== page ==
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Yvette Vanson Katie Megan 4

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carol singers are outside the door, with a torch,’ you know, like a sort of, torch. And then he thought, I don’t know that that is a torch.’ And they’d set fire to our, the wreath on our front door, and, if he hadn’t been in... So that was a bit scary. But one time we were in the office, and, this package arrived. And we probably were a bit paranoid, but we had reason to be paranoid, because we had a, you know, we were aware of what was going on. And, we just, we just rang the police. We didn’t like the look of it, it looked, foreign stamps and odd, and we had always, you know, we’d been told to be careful. So we rang, I rang Michael, and he said, ‘No don’t open it. Get out.’ And we got all the staff out, a little/the legal[??-5:35] office, but you know, there were[??], four or five people, out. Called the police. They arrived, da, cars, flak jackets, not guns but you know, nearly. Sealed off the office, da. And they go in, and they open it, or... Yeah. Controlled opening. And it was an award, [laughs] we’d won an award. It was really quite heavy, and it had come from, some eco award from Czechoslovakia or something. [laughter] God! So we were, a little, a little less paranoid after that, we just thought, oh you know, life goes on. [laughter]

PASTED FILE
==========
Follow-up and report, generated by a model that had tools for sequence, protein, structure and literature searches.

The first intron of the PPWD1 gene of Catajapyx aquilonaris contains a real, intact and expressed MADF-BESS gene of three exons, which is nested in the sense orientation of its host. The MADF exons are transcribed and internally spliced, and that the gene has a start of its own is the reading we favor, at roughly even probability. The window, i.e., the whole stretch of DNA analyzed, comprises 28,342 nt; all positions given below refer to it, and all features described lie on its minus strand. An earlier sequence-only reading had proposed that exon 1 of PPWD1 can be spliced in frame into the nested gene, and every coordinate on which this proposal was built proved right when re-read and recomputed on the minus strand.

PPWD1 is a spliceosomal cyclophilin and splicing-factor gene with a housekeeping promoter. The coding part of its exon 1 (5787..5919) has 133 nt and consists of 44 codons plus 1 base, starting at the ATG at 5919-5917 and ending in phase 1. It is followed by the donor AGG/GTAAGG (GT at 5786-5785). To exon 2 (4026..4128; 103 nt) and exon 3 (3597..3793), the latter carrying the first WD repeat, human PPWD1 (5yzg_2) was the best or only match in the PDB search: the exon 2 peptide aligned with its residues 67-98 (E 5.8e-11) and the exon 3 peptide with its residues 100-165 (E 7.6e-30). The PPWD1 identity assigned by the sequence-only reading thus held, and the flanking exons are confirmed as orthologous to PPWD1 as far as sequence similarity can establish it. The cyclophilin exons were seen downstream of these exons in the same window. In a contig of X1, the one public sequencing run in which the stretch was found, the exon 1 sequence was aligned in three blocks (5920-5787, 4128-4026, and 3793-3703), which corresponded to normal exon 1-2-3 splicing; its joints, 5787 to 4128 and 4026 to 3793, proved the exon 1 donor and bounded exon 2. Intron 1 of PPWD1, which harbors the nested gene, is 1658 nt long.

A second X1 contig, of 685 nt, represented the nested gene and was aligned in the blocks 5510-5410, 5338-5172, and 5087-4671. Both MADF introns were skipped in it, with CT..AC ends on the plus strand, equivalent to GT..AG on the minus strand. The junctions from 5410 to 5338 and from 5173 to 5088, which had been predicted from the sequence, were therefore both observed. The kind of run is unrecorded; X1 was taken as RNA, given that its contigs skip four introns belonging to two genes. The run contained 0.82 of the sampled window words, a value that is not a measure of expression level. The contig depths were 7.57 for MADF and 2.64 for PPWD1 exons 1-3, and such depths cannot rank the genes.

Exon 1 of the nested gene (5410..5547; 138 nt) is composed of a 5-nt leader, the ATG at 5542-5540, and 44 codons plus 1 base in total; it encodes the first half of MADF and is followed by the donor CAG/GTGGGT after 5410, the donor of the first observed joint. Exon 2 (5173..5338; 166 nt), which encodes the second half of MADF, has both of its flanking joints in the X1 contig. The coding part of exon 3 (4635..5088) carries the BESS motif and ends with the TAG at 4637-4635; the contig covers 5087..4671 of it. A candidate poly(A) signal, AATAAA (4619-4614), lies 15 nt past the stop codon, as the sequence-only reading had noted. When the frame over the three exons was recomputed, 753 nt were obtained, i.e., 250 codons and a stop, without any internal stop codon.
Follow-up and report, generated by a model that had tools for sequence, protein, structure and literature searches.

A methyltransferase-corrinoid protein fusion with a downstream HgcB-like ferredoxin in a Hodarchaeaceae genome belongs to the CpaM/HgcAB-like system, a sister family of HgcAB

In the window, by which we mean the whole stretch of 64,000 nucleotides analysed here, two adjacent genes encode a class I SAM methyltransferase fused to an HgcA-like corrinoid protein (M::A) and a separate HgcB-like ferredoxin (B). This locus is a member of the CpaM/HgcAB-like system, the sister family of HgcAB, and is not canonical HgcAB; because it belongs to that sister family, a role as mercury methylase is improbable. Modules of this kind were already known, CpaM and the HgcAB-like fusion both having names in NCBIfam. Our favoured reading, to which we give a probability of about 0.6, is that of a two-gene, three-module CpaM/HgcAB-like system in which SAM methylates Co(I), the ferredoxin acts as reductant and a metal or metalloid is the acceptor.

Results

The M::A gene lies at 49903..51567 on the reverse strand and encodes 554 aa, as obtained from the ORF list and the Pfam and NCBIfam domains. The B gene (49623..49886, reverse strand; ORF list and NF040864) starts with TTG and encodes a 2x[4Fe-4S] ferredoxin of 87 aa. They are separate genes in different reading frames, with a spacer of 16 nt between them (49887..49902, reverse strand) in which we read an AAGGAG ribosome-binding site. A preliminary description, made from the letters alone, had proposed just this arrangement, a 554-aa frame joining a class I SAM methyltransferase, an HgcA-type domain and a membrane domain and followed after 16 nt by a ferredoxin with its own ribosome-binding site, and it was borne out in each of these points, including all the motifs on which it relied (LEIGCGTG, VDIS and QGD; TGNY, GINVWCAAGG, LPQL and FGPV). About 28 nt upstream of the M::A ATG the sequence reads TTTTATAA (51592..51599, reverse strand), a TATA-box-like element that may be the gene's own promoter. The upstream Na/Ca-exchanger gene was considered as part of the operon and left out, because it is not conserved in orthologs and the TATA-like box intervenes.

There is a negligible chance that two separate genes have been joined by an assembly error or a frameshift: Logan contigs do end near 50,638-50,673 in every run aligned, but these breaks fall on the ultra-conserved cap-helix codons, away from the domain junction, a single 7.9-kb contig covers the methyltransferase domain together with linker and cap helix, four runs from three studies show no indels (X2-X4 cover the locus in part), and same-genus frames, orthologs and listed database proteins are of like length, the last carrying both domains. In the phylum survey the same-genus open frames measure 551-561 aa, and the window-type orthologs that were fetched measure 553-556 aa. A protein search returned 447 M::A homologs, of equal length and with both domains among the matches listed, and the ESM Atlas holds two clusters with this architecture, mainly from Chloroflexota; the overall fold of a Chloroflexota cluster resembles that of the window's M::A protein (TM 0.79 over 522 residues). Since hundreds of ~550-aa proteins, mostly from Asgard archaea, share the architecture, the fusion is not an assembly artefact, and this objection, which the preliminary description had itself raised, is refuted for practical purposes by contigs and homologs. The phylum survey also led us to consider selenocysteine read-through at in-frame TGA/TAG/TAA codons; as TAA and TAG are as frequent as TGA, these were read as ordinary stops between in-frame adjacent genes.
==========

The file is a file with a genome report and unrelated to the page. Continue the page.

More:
[0:06:11]

And then, after the two documentaries, you followed the cause with, sort of, factual dramatization, drama documentary or whatever you like to call it.

Y es.

The Murder of Stephen Lawrence in 2000.

That was, that was my last but... That was my last film really, wasn’t it?

Yes.
Yes. And I did Doomwatch was it, before that. Doomwatch.

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Interviewee Interviewer Track No

Yvette Vanson Katie Megan 4